It sounds like the title of a Nancy Drew potboiler, but the mystery of Paradise Gardens is really just another story about some cool old houses and how they survived a half-century in a teardown town. The mystery is whether or not these houses, built in the mid-'60s and long rumored to be Al Beadle designs, were, in fact, drawn by the famed architect at all.
Beadle had recently come into his own with the Triad Apartments (still standing at 4402 North 28th Street), the final Case Study home commissioned as part of an ongoing project by Arts and Architecture magazine. The Triad — only the second multi-family residence commissioned for the project, and the only Case Study home built outside of California — showcased Beadle's modernist design theories: unadorned architecture suited to the needs of desert topography and daily habitation.
He'd stepped briefly away from these principles to design the gorgeous 22-story Executive Towers at Second Avenue and Clarendon, but Beadle, perhaps eager to return to his roots, signed up with Robert Altherr, whose A-1 construction had broken ground on several successful developments in neighboring communities. Altherr knew of Beadle's passion for austere architecture, and wanted to exploit it in a distinctive tract of single-family homes to be built in a then-northeasterly Phoenix tract. The development would be called Paradise Gardens, a subdivision between 32nd and 36th streets and north of Mountain View, and would come to be loved by mid-century architecture fans and shrouded in just enough mystery to make it interesting even to people who don't care what year your house was built or whether or not it features a deep overhang and a stepping façade.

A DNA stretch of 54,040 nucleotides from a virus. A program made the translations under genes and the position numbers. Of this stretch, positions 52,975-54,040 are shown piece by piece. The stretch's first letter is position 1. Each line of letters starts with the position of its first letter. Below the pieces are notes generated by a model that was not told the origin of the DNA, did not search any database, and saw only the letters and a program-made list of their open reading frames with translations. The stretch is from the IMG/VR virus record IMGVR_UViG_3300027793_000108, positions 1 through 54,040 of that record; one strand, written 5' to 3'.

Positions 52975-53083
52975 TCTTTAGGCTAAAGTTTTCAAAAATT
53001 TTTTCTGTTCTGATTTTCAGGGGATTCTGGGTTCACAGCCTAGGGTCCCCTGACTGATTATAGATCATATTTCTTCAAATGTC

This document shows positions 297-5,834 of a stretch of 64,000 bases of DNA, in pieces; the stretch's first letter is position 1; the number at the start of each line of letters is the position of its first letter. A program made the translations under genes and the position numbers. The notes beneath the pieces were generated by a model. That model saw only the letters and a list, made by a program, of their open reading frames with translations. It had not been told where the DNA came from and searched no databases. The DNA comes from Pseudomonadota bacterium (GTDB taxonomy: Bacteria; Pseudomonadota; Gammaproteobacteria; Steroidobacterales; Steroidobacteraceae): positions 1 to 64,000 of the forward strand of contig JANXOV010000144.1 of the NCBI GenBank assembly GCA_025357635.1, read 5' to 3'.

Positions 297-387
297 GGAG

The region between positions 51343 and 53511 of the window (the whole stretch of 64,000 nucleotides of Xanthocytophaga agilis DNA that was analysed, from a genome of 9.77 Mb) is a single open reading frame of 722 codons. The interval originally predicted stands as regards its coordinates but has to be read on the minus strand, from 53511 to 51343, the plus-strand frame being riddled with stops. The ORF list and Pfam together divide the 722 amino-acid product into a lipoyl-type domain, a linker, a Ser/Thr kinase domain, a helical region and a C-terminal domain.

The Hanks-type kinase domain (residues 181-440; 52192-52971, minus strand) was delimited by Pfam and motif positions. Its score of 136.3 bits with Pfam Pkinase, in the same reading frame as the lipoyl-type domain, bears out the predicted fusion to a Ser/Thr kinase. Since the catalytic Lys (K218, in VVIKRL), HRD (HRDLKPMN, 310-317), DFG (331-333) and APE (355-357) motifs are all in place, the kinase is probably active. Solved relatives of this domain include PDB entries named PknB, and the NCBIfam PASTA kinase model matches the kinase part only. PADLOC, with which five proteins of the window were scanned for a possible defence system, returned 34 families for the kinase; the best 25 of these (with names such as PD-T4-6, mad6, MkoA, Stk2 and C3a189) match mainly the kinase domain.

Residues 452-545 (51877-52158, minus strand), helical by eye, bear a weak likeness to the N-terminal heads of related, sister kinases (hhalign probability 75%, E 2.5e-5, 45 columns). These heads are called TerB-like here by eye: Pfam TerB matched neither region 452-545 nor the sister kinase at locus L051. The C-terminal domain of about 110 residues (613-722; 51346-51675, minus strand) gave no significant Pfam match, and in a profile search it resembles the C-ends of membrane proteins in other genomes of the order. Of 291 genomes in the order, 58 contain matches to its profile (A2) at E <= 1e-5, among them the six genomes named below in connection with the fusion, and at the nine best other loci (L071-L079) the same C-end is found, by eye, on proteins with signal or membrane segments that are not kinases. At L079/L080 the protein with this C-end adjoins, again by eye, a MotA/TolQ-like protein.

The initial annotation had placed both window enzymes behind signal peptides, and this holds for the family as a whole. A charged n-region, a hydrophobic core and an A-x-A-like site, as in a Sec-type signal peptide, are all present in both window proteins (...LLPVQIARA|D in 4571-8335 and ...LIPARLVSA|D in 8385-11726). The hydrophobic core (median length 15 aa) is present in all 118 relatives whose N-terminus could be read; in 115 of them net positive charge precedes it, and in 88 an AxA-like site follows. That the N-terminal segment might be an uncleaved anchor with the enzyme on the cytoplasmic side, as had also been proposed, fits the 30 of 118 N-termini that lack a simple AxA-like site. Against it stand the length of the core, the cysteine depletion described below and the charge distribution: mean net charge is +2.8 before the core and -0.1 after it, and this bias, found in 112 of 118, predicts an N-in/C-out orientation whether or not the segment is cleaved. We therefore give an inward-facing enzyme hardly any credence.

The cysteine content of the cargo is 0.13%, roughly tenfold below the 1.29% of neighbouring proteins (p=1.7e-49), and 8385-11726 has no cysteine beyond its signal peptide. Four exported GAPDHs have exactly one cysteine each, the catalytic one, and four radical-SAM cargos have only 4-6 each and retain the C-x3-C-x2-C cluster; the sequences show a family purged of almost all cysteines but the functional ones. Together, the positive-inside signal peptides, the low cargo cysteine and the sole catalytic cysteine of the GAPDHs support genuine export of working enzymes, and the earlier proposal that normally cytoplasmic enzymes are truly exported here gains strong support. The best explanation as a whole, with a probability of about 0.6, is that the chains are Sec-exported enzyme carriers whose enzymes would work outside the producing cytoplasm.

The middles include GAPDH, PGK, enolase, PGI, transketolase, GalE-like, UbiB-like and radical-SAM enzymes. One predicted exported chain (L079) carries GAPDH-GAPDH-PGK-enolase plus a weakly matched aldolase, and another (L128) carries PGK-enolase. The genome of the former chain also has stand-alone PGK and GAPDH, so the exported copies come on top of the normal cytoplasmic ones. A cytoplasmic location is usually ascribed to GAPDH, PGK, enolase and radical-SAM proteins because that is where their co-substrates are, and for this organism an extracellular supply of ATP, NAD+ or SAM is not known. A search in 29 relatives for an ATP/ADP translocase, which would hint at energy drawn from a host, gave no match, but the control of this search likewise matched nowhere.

The concrete block houses, sited on large-ish lots and priced at less than $20,000, offered distinctive designs: deep overhangs; exterior half-walls made from "Haver Block," a cinder brick with a circular cutout designed and popularized by architect Ralph Haver; glittery, quartz-studded flat rooftops, and detached carports. Beadle designed four models, all named for cactus — the Ocotillo, the Cholla, the Palo Verde, and the Saguaro. But are they, in fact, Al Beadle buildings?
"Frankly, we don't know," says Alison King, owner of Modern Phoenix, a Web site/online magazine about mid-century architecture (modernphoenix.net). "No one denies that Al Beadle was involved in the initial design of Paradise Gardens, that he did some drawings for it, yet there are no blueprints with his name on them. The story goes that he stepped away from the project and didn't want his name associated with it."
In an excellent article about the development published at modernphoenix.net, author David Tyda suggests that Beadle, who died in 1988, fled the project when Altherr began trimming the budget on production of the finished plans. Tyda quotes Beadle's wife, Nancy, as saying, "The developer began cutting corners, and that affected the integrity of the design."
Whether the houses were designed by Beadle may be moot, considering the many modifications done to Paradise Gardens since its completion. While it's the only example of tract housing that demonstrates Beadle's influence, the houses there are now essentially first-rate variations on a Beadle-esque theme.
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What I find most fascinating about Paradise Gardens is that several of the homes have been modified to look more Beadle-like, as if their current owners were undoing the damage done by Altherr to Beadle's original intention. Homeowners are actually removing peaks from roofs and erecting block walls, making "Beadles" out of houses the architect himself didn't approve of.
All of which makes a crazy kind of sense, since these were homes designed to be modified, sold with a promise that the homeowner would have ultimate power over the finished design.
Don't like that flat roof? We'll add a peak up front! Want a taller block fence around that patio slab? No problem. I can't help but think of Anthem, the planned community north of Phoenix that "revolutionized" tract home design by allowing homebuyers to customize their houses. The difference, of course, is that Paradise Gardens — doomed to a pretty kind of obscurity from the beginning — had real style.
"It still does," according to '50s fanatic Marshall Shore, who teaches seminars on mid-century design. "Paradise Gardens is great, but once you start worrying about whether or not your house is an actual Beadle, you're not enjoying its beauty. I stick by that old rule: Don't buy art because it's valuable, but because you like it."